(The Conversation) — A precipitous decline in the number of Americans identifying as white evangelical was revealed in Public Religion Research Institute’s 2020 Census on American Religion. In 2006, almost a quarter of the American population identified as white evangelical, but only 14.5% the population does so today.
Evangelical is an umbrella category within Protestant Christianity. The category of evangelical is complicated; unlike Catholics, who have a centralized authority, evangelicals do not maintain a single spokesperson or institution. Instead, evangelicalism in the United States today is composed of several institutions, churches and a network of largely conservative spokespersons.
Consequently, there are a variety of churches, theologies and practices within evangelicalism. They include certain groups such as Baptists, Methodists and nondenominational churches, among others, many of which are members of the National Association of Evangelicals.
So what constitutes an evangelical, or what is evangelicalism in the United States today?
Conversion and converting
One place to begin is historian David Bebbington’s four-part definition of evangelicalism. In his 1989 book, Bebbington argued that evangelicals share a recognition of the Bible as the ultimate authority, emphasize the work of Jesus’ crucifixion in human salvation, share a born-again experience and are active socially in reforming society.
Most Christians recognize the authority of the biblical text and the centrality of Jesus’ crucifixion. The born-again conversion experience and a particular kind of social engagement separate evangelicals from other types of Christians in the United States. For evangelicals, the born-again experience is the only way that any individual can gain access into heaven in the afterlife. All other religious alternatives are rejected.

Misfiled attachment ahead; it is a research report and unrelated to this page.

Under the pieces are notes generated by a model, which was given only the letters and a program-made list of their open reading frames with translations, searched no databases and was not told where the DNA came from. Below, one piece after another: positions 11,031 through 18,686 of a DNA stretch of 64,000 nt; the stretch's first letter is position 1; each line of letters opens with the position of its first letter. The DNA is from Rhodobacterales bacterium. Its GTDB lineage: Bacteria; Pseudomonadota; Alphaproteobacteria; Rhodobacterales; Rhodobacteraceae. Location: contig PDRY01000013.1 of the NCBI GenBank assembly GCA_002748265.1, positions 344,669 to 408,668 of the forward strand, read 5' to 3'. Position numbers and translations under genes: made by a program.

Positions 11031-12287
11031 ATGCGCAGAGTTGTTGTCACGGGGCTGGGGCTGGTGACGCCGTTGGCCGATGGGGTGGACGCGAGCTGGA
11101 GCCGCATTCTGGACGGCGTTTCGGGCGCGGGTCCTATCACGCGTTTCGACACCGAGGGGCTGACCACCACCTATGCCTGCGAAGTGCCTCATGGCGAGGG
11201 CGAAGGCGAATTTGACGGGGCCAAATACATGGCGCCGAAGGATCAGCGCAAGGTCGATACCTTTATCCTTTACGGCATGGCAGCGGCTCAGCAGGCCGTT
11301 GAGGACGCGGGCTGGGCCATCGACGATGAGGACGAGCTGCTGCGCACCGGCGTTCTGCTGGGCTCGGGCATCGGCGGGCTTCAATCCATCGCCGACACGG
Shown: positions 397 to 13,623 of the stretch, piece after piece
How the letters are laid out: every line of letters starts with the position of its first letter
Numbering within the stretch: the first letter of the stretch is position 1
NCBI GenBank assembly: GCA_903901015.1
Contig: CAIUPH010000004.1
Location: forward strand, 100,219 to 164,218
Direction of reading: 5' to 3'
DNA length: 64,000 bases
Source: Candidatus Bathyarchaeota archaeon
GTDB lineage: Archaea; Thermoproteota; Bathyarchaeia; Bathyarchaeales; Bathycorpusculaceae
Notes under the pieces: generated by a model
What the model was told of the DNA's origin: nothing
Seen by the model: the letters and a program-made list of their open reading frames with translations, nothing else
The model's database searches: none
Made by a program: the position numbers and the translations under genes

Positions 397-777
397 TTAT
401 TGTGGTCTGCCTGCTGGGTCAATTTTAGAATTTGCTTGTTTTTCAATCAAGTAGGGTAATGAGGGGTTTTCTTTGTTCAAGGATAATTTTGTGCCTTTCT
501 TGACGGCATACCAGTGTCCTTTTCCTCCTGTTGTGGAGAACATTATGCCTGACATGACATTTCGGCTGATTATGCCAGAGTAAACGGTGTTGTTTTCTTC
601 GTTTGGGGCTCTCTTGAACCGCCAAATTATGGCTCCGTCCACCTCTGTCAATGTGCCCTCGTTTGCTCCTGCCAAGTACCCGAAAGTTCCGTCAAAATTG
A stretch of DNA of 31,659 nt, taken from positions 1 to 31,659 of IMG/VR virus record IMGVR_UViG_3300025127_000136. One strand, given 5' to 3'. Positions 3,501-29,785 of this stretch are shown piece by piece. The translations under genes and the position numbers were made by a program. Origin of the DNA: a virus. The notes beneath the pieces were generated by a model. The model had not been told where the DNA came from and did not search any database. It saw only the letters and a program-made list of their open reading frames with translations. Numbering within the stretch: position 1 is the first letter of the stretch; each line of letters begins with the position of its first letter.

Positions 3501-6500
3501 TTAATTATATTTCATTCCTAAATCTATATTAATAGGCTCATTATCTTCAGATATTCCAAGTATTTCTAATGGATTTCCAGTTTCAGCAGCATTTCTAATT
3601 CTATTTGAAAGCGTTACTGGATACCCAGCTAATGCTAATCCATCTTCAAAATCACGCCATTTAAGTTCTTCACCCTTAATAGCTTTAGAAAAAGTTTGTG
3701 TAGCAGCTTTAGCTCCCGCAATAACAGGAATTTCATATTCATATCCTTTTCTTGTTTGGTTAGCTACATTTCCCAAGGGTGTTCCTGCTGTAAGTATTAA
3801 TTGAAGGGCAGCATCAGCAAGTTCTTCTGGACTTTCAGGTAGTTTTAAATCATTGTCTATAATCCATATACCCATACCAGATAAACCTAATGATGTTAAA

Born-again represents a new life that evangelical converts gain when they recognize the redemptive power of Jesus’ death and resurrection. Generally, the born-again experience is enacted when individuals recite the “sinner’s prayer.” This simple religious ritual acknowledges the individual’s imperfection in this life, a request to be guided by God for the remainder of the individual’s life and a promise of a blissful afterlife.
For most evangelicals, the born-again moment signifies a fresh start or a cleansing of one’s soul – old mistakes are forgotten by the divine. Afterward, baptism, a ritual water purification, follows.
An expectation for all new evangelical converts is that they will eventually participate in evangelizing – sharing their Christian experience with others in the hopes of leading others to a born-again experience.
There are some theologically specific differences within evangelicalism. Internal debates focus on such topics as speaking in tongues or the role of women in leadership. Speaking in tongues is thought by charismatic or Pentecostal evangelicals to be the ability to speak in different or angelic languages to transmit a message from the divine.
Like a diversity of ideas related to speaking in tongues, some denominations deny that women can be pastors or ministers while others ordain women into the ministry. There are popular female evangelical authors, such as Joyce Meyer, and televangelists, such as Paula White, a spiritual adviser to former President Donald Trump.